Introduction Variceal bleeding and refractory ascites are common clinical manifestations of liver cirrhosis. Transjugular intrahepatic portosystemic stent-shunt (TIPSS) procedures can increase survival and improve quality of life in some cirrhotic patient populations. TIPSS is clinically effective: versus endoscopic band ligation (EBL) in second line treatment of variceal bleeding; and versus large volume paracentesis (LVP) in refractory ascites. However, there is a sparsity of UK based economic evidence determining the cost-effectiveness of TIPSS for these two indications. This study aimed to establish the cost-effectiveness of (i) TIPSS versus EBL in second line treatment of variceal bleeding, and (ii) TIPSS versus LVP in the management of refractory ascites.
Methods A cost-utility analysis was conducted from a UK health perspective including NHS costs and quality adjusted life years (QALYs). A Markov model was constructed which included health states for survival either with or without complications of liver cirrhosis including variceal bleeding, ascites and hepatic encephalopathy. The model was conducted across a 2-year time horizon and applied costs and dis-utilities per complication for each monthly cycle. Uncertainty was analysed in one-way deterministic and probabilistic sensitivity analyses.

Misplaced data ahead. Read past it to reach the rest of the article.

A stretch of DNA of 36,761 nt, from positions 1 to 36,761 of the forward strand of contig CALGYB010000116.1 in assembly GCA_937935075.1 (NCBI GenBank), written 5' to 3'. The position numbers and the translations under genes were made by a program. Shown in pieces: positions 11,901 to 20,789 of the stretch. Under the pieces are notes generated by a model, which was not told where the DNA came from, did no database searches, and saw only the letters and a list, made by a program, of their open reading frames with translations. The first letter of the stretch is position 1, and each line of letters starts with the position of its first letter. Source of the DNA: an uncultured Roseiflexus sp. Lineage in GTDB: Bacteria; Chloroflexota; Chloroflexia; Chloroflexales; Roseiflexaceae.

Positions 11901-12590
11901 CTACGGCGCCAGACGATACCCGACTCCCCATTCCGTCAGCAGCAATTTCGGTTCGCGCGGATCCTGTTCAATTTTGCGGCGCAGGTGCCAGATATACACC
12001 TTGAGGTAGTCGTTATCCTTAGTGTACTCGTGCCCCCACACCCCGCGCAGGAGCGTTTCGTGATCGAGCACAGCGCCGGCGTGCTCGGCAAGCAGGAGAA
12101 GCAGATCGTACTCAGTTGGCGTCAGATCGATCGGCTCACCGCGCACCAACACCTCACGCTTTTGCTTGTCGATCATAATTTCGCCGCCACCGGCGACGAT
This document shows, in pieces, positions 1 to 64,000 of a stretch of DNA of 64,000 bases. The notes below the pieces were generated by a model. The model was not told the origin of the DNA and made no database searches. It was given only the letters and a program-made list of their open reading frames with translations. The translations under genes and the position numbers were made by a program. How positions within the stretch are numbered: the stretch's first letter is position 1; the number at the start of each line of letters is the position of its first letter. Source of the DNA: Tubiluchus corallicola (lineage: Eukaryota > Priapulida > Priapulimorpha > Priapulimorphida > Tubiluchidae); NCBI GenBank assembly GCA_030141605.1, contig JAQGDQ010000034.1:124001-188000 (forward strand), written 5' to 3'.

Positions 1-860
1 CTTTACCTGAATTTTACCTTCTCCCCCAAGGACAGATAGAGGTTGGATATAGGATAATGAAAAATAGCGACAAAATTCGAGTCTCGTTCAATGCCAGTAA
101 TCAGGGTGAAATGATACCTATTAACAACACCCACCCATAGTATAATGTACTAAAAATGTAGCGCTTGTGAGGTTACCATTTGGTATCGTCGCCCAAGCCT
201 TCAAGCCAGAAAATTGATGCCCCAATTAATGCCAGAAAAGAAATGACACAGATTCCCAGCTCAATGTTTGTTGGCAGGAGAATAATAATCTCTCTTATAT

Results TIPSS with the GORE® VIATORR® stent was cost-effective (dominant) and highly cost saving to the NHS for both populations. For the variceal bleeding indication, when compared with EBL, TIPSS resulted in 0.22 additional QALYs, saved the NHS £1,301 per patient and had a 68% probability of being cost-effective. For the refractory ascites indication, when compared with LVP, TIPSS resulted in 0.526 additional QALYs, saved the NHS £17,983 per patient and had a 100% probability of being cost-effective.
Conclusions TIPSS using a GORE® VIATORR® stent to manage patients with severe cirrhosis and RA or bleeding is expected to be cost-saving and improve patient outcomes. While TIPSS remains cost-saving and cost-effective in our base-case analysis for the management of high quality and adequately powered RCTs which also evaluate quality of life and health economics are required to inform robust economic analysis; mainly for the bleeding indication. Increased implementation of TIPSS is likely to improve patient outcomes and be cost saving to the NHS, particularly for the management of ascites.
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